Secretary of Defense Visits Red Hill Amid Lingering Pollution Concerns

Pump room at Red Hill (USN file photo)

Published Oct 3, 2022 7:26 PM by The Maritime Executive

The U.S. Navy's reputation has taken a bruising in Hawaii over the last year due to a serious fuel spill at the Red Hill Bulk Fuel Storage Facility near Pearl Harbor, and Defense Secretary Lloyd Austin visited the site this week to meet with team in charge of shutting it down. 

Red Hill is the Navy's strategic fuel reserve for operations across the wide expanse of the Pacific, and it is a unique facility. Hollowed out of the rock above Honolulu, 20 giant tanks have space enough for up to 250 million gallons of jet fuel and diesel. The site dates back to WWII, and activists have warned that its aging piping and tank walls could pose a spill risk - but it was a cascade of human errors in the tank farm's operation that sealed its fate. 

An accidental spill in May 2021 filled a PVC firefighting-water drain line with about 20,000 gallons of fuel. The overhead drain line was never intended to hold that much liquid for an extended period, and it gradually sagged down - until November, when it was hit by a passing cart and ruptured. The pipe spilled its contents onto the concrete tunnel floor, and the water trickled into a drainage sump - a construction feature the facility's managers did not know about - and thence into Red Hill's water well. Over the days that followed, the fuel/water mixture in the well was pumped directly into the drinking water supply system for Joint Base Pearl Harbor-Hickam, affecting about 6,000 personnel. The Navy command in charge of the facility maintained that the contaminated water was safe to drink - until it received a shutdown notice from Hawaii's Department of Health.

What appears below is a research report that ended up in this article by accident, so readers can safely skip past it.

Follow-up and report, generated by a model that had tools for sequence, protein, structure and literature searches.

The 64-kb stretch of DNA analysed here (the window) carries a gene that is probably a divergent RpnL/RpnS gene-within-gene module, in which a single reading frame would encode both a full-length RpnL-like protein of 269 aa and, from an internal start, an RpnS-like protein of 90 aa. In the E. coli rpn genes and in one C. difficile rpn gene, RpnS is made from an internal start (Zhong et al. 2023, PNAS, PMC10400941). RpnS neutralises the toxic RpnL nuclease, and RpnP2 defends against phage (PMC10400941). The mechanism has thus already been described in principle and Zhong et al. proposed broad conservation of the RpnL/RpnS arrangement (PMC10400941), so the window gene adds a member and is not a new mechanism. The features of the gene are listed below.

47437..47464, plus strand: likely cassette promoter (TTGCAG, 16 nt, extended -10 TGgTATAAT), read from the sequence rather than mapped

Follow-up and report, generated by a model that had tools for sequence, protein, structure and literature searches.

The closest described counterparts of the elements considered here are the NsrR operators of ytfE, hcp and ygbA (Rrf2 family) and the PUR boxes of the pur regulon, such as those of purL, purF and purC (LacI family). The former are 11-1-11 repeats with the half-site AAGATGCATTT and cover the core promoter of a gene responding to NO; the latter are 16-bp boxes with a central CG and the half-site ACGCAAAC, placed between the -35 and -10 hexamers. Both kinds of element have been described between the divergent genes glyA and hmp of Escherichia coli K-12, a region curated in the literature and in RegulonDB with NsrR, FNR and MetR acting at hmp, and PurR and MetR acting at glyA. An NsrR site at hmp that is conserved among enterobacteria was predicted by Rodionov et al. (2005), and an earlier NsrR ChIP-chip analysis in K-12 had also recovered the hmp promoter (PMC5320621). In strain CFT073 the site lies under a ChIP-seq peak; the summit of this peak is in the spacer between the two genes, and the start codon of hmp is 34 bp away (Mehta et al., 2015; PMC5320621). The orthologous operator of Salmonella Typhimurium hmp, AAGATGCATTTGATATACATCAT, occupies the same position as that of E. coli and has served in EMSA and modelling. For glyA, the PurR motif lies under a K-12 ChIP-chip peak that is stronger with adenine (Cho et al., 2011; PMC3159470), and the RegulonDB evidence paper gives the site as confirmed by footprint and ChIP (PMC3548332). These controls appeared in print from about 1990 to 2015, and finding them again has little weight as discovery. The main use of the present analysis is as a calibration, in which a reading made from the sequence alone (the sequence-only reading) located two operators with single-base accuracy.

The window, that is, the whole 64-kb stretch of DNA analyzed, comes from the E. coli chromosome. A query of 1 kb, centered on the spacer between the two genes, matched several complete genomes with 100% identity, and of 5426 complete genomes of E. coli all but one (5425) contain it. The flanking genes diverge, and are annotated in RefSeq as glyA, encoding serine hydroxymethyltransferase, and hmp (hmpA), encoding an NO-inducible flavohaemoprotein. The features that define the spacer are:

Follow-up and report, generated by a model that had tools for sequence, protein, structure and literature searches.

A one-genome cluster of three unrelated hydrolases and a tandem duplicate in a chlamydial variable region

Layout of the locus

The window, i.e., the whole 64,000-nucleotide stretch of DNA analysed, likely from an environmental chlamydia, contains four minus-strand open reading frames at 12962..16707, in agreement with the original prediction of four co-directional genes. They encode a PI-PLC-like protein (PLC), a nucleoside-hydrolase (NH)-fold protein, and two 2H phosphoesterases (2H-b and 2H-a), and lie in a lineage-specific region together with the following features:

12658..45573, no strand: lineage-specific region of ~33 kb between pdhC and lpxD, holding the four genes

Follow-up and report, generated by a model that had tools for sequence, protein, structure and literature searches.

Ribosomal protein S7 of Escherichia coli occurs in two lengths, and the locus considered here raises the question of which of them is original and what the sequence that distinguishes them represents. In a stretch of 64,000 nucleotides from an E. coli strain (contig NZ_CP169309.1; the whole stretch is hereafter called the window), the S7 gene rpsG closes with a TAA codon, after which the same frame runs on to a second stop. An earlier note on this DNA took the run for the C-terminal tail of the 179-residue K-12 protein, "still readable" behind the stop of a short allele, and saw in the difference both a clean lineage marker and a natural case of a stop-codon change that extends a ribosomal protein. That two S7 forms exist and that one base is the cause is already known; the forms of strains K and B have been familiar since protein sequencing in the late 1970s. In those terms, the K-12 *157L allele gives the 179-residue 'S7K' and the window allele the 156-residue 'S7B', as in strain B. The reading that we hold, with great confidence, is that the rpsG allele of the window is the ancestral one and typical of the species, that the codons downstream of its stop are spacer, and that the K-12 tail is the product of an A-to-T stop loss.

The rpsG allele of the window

The state of Hawaii and its congressional delegation successfully lobbied to shut Red Hill down and drain it, over the Navy's objections, but this process will likely take time. Activists are calling for a faster timetable in order to minimize the risk of any further pollution.

“Defueling and closing Red Hill is the right thing to do – for our service members, our families, the people of Hawaii, the environment, and our national security,” said Secretary Austin in a statement. “We are moving out and will defuel this facility as quickly and safely as possible.

Red Hill has been run by the Navy for the better part of eight decades, but two Army officers have been appointed to the task force charged with defueling the site. U.S. Army Brig. Gen. Michelle Link will serve as the task force's deputy commander, Austin announced, and Brig. Gen. Lance Okamura will serve as its strategic engagement lead.